Council joins forces to investigate Kin Kin damage
  • Monday 27 April 2009

Sunshine Coast Regional Council and the State Government will join forces to investigate damage caused by the recent deluge in Kin Kin.

Mayor Bob Abbot accompanied Premier Anna Bligh on a tour of the district earlier this month, after the town was isolated for the second time in less than a fortnight by flooding rain.

In a letter to the Mayor soon after her visit, Ms Bligh she had been saddened by the devastation and would like to extend her sympathies to the residents of Kin Kin.

The Premier said she had asked the Department of Environment and Resource Management to work with Council to determine whether in addition to flooding, there had been further damage caused by hillside runoff.

Mayor Bob Abbot said Council was continuing its work in the field in an effort to gather as much information as possible about the flood event and he welcomed the Government’s offer of expert assistance.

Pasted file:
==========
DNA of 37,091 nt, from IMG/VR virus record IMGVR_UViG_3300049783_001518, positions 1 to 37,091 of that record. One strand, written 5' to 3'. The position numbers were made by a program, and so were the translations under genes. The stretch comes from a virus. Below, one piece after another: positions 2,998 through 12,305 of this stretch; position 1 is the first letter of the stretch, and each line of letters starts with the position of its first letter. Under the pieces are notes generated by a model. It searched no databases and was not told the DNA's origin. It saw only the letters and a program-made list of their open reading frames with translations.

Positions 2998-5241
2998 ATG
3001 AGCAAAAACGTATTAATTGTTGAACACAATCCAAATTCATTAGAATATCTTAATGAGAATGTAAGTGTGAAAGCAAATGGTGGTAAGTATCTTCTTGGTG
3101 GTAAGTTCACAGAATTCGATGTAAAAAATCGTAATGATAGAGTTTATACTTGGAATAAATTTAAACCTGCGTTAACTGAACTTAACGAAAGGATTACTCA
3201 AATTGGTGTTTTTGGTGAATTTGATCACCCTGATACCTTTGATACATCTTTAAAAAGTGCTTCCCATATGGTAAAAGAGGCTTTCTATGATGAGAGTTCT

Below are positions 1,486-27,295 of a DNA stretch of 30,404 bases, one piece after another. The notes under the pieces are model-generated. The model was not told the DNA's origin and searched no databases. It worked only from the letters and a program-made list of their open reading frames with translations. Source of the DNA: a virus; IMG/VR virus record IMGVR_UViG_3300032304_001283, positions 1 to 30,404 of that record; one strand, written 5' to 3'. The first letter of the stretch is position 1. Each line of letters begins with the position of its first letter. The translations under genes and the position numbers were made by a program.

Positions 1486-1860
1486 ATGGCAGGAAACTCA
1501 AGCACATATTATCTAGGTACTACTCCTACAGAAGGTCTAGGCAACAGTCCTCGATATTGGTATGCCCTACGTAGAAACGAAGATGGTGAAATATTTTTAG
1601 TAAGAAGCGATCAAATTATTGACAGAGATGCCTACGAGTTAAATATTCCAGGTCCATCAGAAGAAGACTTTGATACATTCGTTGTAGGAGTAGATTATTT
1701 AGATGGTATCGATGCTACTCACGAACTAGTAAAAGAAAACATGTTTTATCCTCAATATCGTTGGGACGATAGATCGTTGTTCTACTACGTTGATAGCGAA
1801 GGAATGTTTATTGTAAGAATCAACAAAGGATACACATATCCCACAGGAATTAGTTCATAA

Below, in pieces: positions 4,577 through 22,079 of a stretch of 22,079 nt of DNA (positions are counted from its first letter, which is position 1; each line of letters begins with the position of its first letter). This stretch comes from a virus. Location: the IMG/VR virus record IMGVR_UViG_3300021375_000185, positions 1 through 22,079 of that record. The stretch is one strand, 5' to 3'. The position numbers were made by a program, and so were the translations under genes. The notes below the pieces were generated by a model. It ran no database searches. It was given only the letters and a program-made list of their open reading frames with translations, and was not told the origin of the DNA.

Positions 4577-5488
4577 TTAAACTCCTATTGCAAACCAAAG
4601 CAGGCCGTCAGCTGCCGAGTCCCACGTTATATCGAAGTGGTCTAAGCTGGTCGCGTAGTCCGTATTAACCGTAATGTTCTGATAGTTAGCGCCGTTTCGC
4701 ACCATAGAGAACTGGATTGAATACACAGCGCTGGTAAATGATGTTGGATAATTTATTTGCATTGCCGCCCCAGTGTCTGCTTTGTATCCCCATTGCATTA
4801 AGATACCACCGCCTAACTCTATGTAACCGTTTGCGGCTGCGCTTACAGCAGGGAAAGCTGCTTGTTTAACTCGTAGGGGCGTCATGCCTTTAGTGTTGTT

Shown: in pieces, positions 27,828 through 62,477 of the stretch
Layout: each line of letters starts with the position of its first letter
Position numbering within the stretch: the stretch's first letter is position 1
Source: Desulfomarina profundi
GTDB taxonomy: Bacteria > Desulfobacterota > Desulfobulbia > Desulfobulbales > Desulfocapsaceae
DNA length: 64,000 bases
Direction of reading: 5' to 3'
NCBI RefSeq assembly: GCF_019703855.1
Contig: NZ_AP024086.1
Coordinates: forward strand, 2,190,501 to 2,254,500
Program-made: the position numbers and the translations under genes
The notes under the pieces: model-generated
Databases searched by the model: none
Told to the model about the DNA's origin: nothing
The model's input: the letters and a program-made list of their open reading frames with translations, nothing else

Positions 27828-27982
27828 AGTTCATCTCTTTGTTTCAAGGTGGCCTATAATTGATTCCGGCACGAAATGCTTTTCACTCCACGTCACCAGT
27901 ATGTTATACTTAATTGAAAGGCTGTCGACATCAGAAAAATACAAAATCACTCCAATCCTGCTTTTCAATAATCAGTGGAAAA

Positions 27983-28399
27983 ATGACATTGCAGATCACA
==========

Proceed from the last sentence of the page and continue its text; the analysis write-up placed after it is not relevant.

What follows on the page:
“The downpour they experienced in the Noosa hinterland in early April was quite an extraordinary event,” Cr Abbot said.

“Some areas had more than 600mm of rain in about five hours and residents had very little warning and no time to prepare.

“Then to experience a second downpour – albeit not as heavy as the first but in an area where they were still mopping up and the ground was still sodden – was quite unbelievable and extremely unlucky.

“We are keen to gather as much information as we can about the impact and look at how we can prepare for these events in future and in particular, warn residents if there’s a severe weather event heading their way.”

Council officers from the Integrated Water Management Team have recently spent two days in the field making observations and marking evidence of peak flood levels around road crossings in the areas hardest hit.

Further field work is scheduled for next week and council has spoken to the Department of Resource Management about the possibility of conducting a joint review of flood monitoring stations.

Council has also suggested the results of that review could lead to a recommendation for the development of an automated flood warning system.